Although most of my patients come to me initially for another ailment, I am surprised how often I get the secondary question, “Can acupuncture help me lose weight?”
This is a great question, actually.
Acupuncture can, in fact, help correct the underlying imbalances that show up in weight gain, and usually the underlying imbalance is something called Spleen Qi deficiency. Think of it in three parts:
- Deficiency means, in simple terms, that there is not enough of something;
- Qi is the energy or life force that can’t be seen or touched; and the
- Spleen, commonly thought of as an organ that has some role in blood and some role in immunity (and if you get mono you have to watch out not to rupture it), in Chinese medicine is a much bigger player. It is the underlying force behind obtaining actual nourishment for your body from the food you eat.
When it is not healthy, the spleen does not have enough Qi (or energy) to do its job. This is when food intolerances begin to show up, as well as these other symptoms:
- heaviness/tiredness in the limbs,
- weight gain
- abdominal bloating/distention
- diarrhea/loose stools
- lack of appetite
Most people have at least some form of spleen Qi deficiency--not surprising, since some of the primary causes are overwork (mental and physical), worry, and diet.
How do we keep the spleen happy? Well, the spleen likes warm and sweet foods, and being fed with regularity. Who doesn’t like all those things? Let’s take a closer look at these things, one by one.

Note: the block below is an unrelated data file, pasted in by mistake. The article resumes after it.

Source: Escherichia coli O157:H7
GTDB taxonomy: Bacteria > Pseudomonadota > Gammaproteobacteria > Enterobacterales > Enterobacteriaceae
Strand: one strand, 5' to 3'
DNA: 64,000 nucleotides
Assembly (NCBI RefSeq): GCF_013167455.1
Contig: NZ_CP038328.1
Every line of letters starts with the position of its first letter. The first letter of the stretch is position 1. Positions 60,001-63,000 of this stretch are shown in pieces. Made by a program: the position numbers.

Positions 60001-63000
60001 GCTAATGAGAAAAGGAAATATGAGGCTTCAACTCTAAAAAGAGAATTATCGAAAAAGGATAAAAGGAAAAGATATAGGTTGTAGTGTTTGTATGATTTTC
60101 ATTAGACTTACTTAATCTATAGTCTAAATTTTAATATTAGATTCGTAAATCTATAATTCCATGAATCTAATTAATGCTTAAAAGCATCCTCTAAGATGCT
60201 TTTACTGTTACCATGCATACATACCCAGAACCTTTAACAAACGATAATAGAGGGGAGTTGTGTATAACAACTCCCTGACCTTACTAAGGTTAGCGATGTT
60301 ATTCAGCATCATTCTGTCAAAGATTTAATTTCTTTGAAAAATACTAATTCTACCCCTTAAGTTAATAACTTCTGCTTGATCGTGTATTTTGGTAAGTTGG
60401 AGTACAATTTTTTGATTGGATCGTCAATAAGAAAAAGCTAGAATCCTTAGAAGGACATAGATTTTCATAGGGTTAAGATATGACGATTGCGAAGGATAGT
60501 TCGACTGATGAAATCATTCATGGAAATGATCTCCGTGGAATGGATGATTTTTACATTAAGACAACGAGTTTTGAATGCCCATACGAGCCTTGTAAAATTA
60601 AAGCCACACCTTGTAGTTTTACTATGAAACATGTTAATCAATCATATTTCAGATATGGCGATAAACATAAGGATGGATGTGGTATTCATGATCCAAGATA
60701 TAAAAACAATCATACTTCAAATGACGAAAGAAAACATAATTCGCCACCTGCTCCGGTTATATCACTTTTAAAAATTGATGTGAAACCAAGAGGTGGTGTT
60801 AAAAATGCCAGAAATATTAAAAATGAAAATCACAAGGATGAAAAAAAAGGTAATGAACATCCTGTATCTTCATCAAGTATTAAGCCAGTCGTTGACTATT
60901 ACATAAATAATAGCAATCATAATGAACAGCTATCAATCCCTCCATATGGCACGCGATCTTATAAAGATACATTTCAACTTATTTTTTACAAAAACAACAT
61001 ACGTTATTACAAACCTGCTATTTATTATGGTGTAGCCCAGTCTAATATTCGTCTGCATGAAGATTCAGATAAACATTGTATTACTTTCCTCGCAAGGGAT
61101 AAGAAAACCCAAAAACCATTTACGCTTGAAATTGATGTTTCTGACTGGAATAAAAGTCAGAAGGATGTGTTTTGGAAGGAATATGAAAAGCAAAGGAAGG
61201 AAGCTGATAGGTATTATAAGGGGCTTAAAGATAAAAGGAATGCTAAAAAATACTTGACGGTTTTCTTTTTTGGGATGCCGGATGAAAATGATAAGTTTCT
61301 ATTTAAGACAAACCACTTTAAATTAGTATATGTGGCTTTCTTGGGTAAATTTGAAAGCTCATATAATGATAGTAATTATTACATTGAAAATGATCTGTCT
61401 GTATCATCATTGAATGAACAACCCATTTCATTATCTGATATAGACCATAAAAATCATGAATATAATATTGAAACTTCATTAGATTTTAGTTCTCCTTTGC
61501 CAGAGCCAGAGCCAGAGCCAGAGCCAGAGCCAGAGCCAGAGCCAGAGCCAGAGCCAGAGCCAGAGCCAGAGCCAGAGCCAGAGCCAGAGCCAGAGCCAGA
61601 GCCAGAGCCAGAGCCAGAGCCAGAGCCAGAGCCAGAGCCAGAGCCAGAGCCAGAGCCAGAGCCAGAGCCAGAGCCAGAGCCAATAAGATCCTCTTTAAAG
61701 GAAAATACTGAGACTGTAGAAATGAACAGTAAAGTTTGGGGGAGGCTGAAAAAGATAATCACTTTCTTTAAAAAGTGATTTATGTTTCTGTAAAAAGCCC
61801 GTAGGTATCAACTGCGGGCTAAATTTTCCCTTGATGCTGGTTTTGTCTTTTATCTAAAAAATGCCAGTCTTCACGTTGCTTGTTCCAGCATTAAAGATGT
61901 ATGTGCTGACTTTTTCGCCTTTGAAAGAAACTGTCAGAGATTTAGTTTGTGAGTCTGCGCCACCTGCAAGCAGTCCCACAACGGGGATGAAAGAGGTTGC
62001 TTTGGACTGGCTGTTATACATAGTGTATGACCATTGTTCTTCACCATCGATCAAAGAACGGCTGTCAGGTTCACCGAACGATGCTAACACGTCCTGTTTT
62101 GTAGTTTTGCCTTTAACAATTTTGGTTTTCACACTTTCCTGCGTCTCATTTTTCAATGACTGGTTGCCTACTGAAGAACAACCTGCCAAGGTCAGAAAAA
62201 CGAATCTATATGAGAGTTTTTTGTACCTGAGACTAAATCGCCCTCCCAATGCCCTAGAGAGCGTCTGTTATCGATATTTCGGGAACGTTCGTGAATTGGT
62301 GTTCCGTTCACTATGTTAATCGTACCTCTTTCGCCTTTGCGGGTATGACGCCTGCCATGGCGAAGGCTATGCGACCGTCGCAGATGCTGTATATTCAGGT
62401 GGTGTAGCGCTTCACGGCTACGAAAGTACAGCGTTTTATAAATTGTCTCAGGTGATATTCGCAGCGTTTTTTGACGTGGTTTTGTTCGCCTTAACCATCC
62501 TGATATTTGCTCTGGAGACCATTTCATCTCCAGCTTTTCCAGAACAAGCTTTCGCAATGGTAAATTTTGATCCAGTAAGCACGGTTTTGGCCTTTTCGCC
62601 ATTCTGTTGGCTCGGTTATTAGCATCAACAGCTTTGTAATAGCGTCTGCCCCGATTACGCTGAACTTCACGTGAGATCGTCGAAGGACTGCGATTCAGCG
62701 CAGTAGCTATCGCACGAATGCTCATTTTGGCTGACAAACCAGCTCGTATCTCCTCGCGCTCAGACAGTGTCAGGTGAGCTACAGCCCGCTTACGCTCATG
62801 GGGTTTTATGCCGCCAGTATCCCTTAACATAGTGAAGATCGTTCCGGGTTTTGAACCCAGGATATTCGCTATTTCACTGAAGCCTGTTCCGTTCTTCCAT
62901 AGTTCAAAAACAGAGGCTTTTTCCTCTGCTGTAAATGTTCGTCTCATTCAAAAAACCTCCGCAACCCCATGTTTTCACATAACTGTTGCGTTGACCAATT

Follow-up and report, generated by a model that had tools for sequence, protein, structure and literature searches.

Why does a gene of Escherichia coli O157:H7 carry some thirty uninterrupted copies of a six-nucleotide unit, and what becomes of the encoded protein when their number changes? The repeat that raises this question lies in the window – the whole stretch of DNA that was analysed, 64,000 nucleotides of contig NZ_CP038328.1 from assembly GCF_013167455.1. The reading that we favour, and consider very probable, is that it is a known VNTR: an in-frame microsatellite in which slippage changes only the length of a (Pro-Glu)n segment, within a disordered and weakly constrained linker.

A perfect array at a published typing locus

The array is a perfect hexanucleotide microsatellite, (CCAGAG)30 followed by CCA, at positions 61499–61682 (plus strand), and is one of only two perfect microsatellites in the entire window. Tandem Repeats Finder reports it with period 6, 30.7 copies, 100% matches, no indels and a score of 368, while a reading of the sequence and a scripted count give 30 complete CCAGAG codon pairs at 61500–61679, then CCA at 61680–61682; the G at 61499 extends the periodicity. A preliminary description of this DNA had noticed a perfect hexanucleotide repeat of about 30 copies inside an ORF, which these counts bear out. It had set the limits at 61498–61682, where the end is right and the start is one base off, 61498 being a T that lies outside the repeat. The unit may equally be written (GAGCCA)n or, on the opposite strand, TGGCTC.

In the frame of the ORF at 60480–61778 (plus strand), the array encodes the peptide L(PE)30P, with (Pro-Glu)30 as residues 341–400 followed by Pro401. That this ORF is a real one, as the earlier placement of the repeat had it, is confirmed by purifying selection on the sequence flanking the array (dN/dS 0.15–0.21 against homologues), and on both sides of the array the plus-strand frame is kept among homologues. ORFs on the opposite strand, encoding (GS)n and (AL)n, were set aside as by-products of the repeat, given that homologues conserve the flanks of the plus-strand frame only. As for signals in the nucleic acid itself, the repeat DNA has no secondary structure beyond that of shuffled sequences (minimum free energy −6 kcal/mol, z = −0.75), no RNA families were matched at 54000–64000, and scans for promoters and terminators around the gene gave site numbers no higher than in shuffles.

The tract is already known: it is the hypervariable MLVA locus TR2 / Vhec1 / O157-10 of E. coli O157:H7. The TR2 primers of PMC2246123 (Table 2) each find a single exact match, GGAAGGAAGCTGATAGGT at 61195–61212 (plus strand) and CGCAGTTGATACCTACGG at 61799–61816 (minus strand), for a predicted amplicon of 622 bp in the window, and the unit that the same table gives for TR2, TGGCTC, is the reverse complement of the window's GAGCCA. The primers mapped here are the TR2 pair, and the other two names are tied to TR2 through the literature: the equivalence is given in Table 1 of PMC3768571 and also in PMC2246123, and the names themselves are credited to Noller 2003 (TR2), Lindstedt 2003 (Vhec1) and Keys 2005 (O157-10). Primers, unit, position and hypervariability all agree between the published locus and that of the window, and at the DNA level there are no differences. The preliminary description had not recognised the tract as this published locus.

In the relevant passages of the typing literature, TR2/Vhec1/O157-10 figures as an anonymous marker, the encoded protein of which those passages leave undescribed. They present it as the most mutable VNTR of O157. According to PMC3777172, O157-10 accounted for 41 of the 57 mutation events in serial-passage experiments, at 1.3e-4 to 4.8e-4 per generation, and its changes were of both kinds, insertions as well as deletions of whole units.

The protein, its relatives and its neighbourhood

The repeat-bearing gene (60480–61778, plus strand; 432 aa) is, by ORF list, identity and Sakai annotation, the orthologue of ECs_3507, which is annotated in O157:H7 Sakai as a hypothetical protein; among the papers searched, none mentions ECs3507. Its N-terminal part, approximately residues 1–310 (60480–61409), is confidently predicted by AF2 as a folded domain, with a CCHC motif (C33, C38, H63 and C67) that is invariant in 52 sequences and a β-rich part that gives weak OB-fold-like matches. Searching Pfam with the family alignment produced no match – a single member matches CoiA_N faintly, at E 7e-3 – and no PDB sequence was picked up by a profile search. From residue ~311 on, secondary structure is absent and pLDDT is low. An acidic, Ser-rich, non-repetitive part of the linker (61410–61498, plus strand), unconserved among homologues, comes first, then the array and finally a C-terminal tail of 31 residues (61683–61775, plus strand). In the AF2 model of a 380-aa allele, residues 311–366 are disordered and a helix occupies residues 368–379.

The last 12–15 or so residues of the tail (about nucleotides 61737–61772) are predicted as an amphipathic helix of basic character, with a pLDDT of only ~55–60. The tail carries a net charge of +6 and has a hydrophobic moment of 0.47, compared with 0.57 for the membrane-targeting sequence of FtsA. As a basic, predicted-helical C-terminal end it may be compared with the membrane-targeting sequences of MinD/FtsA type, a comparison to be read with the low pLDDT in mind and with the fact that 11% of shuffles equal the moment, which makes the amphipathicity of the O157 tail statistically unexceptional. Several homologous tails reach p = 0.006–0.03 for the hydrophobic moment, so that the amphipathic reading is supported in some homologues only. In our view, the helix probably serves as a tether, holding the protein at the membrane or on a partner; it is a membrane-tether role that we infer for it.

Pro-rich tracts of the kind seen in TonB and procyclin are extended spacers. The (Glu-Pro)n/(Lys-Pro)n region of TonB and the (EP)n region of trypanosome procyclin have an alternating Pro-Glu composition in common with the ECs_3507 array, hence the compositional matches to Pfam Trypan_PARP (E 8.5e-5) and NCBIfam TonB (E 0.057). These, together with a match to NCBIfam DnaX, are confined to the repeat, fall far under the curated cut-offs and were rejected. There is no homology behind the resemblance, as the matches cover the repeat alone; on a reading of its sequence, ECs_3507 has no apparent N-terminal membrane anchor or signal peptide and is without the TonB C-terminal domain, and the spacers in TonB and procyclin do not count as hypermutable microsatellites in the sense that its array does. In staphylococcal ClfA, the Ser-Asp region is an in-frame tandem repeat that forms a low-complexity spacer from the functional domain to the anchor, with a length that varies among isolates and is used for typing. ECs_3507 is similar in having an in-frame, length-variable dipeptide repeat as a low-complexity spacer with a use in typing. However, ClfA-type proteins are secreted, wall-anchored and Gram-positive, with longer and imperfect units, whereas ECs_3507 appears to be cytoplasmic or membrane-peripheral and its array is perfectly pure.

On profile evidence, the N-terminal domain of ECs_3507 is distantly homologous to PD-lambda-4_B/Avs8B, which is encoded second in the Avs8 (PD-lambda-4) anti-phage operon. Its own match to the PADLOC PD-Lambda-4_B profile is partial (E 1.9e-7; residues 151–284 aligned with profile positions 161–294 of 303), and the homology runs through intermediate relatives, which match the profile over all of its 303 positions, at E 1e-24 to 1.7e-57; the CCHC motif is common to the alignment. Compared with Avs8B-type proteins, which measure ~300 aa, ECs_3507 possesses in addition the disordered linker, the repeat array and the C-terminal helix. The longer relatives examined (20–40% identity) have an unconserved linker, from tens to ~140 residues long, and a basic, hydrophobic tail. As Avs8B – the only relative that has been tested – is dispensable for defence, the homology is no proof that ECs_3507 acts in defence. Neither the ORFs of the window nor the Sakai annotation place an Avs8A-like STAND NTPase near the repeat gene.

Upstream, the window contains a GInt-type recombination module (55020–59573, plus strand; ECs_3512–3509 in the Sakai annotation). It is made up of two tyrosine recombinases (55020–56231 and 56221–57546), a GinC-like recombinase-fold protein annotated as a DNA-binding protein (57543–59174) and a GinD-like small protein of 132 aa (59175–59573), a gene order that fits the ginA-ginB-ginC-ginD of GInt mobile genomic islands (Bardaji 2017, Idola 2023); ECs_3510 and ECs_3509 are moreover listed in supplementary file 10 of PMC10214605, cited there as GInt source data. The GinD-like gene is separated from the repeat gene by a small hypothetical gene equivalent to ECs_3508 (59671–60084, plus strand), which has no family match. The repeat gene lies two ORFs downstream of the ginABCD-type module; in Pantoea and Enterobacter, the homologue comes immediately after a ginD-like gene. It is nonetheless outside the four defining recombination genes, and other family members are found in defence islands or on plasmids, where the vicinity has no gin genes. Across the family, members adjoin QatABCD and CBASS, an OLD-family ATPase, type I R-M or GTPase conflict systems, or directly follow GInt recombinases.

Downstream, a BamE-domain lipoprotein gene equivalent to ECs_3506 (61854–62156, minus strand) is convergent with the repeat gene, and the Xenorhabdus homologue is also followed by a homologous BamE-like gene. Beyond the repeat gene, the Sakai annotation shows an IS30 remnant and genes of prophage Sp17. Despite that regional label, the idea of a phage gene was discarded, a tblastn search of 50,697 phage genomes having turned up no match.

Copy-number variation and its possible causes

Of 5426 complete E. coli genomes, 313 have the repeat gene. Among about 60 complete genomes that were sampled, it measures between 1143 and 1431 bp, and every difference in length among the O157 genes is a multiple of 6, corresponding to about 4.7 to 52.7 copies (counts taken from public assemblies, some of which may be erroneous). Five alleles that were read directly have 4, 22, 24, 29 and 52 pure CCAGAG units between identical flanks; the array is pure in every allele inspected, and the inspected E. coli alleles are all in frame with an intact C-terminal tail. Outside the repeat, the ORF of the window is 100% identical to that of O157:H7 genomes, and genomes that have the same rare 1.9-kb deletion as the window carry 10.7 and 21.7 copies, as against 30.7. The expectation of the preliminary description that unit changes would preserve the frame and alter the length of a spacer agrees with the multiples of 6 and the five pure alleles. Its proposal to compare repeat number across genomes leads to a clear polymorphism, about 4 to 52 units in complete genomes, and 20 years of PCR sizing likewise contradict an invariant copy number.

This brings me to the biggest misconception with weight loss that I see in my clinic. When someone is trying to lose weight, what do they start eating? It is almost always raw foods, particularly salads.
As mentioned above, the spleen likes WARM. Warm foods, such as cooked vegetables and soups, will help the spleen do its job best. Have you ever noticed severe bloating, gas, and in some cases diarrhea after you eat ice cream, smoothies, raw fruits/vegetables, or even ice-cold beverages? Most people attribute uncomfortable digestive symptoms to the TYPE of food they are eating. But the discomfort could be from spleen Qi deficiency, caused by introducing cold foods into a warm digestive system.
This misconception can reach as far as mistaken food intolerances. For instance, I commonly hear people say that lactose bothers them. Fair enough--lactose bothers many people. But as one of my favorite and most knowledgeable teachers says: “If you have a healthy spleen, you can eat anything and not have digestive problems.” A spleen that is injured by cold has to work twice as hard to digest and therefore may develop things such as food intolerances and allergies. With this in mind, it may actually be the temperature of the food that is giving you the problem rather than the food itself. If you have any sort of digestive symptom or a weak digestive system in general, this should be your first and most important change you make in your diet.
Simple ways to give your spleen warm foods:
- Sautee your vegetables instead of putting them into salads.
- Incorporate mildly warming spices in your cooking. I emphasize mildly here because you don’t want to go too far in the other direction and, say, add hot sauce to everything because this will damage the stomach. Some good spices to add are: ginger, cinnamon, turmeric, and small amounts of black pepper.
- If you MUST eat cold foods (smoothies, salads, etc.), follow them up directly with hot tea or lemon water.